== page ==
BLOG Gwen Davies

NWR Issue 100

Digital Content for Businesses at the National Library

Just back from Digido/Digital Content for Business event at National Library. Not found out (yet) what the plans are for digitising back-copies of NWR back to 1988, but did find a lot about free historical content available for use from their digitised collections, including archives on political campaigning, sporting legends, early photography in Swansea, a register of criminals (my favourite), Welsh portraits & ballads, historical newspapers, framed paintings & key photographic collections, the latest of which to be digitised will be PB Abery's of the Borders & Martin Ridley's of the Valleys. Food for thought for developing archive-writer projects for magazine content.

The Library shop itself uses images from these archives in a creative way, including lovely scrapbook dictionary pictures (below) by deaf artist Eliza Pugh (mugs forthcoming in the Library shop), but this type of material is available to cultural businesses as well, and there are no bars on how those images are used, as Penny Richards' quirky up-cycled handbags (pictured above) and shoes, featuring historical characters such as Welsh soprano Eos Cymru (Sarah Edith Wynne), show.

Despite being currently without their head Librarian (new boss Aled Jones starts in August), and despite continuing evidence of fire damage (the atrium scattered with scorched belongings), the Library's a buzzing place. Tomorrow Derec Llwyd Morgan will talk about his book on Thomas Parry, celebrating 50 years of the Oxford Book of Welsh Verse (Y Brenhinbren, Bywyd a Gwaith Thomas Parry, Gomer, pub 17 July). That's at 1.15pm in the Library's Drwm, followed by the book launch.

Talk & Book Launch Derec Llwyd Morgan on Thomas Parry

Now to track down the answer to my question about the NWR digital archive...
Eliza Pugh scrapbook dictionary, courtesy Digido, National Library of Wales


Thomas Williams: Did they cover [at the Digido event NLW's] new policy of refusing access to original objects if they have been digitised & are available online? Peter Lord gave a talk on this at Chapter recently, organised by the IWA and it might be worth checking the issue out.

New Welsh Review Do you mean refusing physical access? NLW didn't mention that, no, but to be honest it is such a fantastic resource no one was complaining. ED

Thomas Williams Yes, apparently the new policy is that access to the actual object WILL NOT be given if it is available online. While there is huge benefit in online resources for research purposes, the denial of the authentic experience is worrying.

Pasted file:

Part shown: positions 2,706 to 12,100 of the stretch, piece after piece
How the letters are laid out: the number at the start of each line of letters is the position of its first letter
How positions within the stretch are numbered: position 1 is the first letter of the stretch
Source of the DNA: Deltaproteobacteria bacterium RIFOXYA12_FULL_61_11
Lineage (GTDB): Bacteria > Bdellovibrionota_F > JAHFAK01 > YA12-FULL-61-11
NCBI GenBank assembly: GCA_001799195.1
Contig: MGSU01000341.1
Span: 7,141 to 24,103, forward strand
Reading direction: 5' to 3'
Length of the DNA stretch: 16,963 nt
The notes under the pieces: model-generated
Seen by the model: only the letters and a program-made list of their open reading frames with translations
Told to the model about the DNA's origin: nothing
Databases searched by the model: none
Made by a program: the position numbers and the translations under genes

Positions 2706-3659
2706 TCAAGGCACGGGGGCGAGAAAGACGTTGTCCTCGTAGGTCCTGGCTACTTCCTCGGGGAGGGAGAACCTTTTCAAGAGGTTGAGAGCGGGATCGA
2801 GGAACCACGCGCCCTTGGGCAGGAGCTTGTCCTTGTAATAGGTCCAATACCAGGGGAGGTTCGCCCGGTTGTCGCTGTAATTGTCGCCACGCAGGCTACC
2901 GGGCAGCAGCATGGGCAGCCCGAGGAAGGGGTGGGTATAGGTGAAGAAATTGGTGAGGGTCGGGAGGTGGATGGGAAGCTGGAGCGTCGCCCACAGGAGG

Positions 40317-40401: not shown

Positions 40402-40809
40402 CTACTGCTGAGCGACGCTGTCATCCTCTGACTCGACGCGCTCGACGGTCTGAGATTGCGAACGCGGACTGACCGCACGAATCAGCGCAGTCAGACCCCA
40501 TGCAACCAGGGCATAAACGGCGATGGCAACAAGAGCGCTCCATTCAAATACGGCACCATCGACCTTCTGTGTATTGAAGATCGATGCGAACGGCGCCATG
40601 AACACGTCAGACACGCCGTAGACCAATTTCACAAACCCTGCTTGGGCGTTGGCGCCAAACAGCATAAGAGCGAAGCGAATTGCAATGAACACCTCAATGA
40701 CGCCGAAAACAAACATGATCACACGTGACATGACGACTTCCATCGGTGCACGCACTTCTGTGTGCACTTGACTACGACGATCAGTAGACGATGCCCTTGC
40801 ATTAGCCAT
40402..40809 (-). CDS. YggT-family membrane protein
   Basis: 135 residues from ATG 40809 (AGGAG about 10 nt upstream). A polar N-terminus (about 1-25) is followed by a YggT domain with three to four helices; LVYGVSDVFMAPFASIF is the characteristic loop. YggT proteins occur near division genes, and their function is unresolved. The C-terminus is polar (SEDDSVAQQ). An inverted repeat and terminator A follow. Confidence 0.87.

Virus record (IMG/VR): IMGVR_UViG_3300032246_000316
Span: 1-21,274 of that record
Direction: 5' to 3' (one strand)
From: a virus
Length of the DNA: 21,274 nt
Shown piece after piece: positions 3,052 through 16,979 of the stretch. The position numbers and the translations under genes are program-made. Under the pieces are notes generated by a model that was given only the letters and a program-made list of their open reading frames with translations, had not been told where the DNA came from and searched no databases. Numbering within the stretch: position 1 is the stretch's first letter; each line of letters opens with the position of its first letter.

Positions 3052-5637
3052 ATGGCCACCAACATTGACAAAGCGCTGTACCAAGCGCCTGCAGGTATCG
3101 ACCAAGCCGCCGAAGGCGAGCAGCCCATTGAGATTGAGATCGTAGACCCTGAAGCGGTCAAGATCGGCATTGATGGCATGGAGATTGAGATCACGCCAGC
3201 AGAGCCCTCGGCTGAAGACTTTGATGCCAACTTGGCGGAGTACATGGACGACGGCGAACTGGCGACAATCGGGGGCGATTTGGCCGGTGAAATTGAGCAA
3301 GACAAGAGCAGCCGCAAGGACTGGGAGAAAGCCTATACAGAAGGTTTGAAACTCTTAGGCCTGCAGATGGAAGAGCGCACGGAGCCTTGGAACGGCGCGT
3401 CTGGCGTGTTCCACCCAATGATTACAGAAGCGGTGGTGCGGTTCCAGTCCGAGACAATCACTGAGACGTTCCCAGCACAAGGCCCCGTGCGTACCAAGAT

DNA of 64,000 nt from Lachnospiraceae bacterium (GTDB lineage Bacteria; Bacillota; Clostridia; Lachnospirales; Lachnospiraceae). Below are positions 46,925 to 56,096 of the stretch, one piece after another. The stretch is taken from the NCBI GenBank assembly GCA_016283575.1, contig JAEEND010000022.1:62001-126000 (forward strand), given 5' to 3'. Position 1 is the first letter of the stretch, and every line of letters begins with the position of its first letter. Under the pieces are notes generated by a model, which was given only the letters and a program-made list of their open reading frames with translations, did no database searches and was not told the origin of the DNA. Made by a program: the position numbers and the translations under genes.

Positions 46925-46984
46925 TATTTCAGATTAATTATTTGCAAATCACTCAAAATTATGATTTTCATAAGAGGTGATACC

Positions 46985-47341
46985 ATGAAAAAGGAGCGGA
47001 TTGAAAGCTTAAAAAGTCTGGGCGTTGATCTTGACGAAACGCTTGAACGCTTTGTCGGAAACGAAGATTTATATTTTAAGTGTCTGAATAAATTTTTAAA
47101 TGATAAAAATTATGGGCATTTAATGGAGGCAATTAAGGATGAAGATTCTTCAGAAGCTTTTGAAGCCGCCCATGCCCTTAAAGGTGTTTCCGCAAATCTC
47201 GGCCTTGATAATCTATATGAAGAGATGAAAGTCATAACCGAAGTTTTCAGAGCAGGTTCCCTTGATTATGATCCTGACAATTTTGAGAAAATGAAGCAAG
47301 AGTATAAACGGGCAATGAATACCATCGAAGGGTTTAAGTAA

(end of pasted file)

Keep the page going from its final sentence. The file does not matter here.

New Welsh Review See what you mean, but in terms of numbers, more gain than lose in this case I think. If the library can gain a higher profile (or funding) through proving they're reaching more people, then perhaps they can afford to run more specialist, physical exhibitions where the actual pieces, including those currently excluded from viewing, get to be seen, and are more revered, perhaps because of their having been kept under wraps. Additionally, the detail & quality of their digitisation process is now such that you can see more detail than the naked eye could manage. ED

Thomas Williams I think that slightly misses the point. The argument is not about digitisation or increased access, both of which are clearly good things and to be applauded. The point is that the experience of the original object is irreplaceable and for a public institution to deny it (to the people who actually own the objects in question) is, at least, questionable. For a researcher to be able to see more than they could with the naked eye may or may not be valuable. What about looking at the back, seeing the edge, foxing, creases, the feel or the smell of the thing? What about the experience of simply being in the presence of an object. It has weight. You seem to be suggesting that looking at an electronic image is, in some ways, BETTER than looking at the original. Apply this to any other setting: let's digitise the paintings in the National Museum and put the original into safe storage. I'm sure we'd get a clearer, sharper, more detailed image. I'm sure it woild be a lot cheaper for the insitiution - think of all the security staff they could get rid of - and with direct links to schools, colleges and into people's homes there would be no more inconvenient trips to the museum itself. In addition, the paintings would be safer. Doesn't quite work, does it? So why does it work at the National Library? This shouldn't be an either or and people, I believe, need access to the authentic experience (as well as to the digitised one).

New Welsh Review Thomas, with your permission, I'll put up this exchange on our website so that, even though this continues to be a digital debate, it will be a tad more permanent than Facebook. ED

The debate following from this blog appeared on Facebook during July 2013


previous blog: Audio file Gwen Davies talks to Prof Julian Preece and Chris Keil, Hay Festival, 2 June 2013
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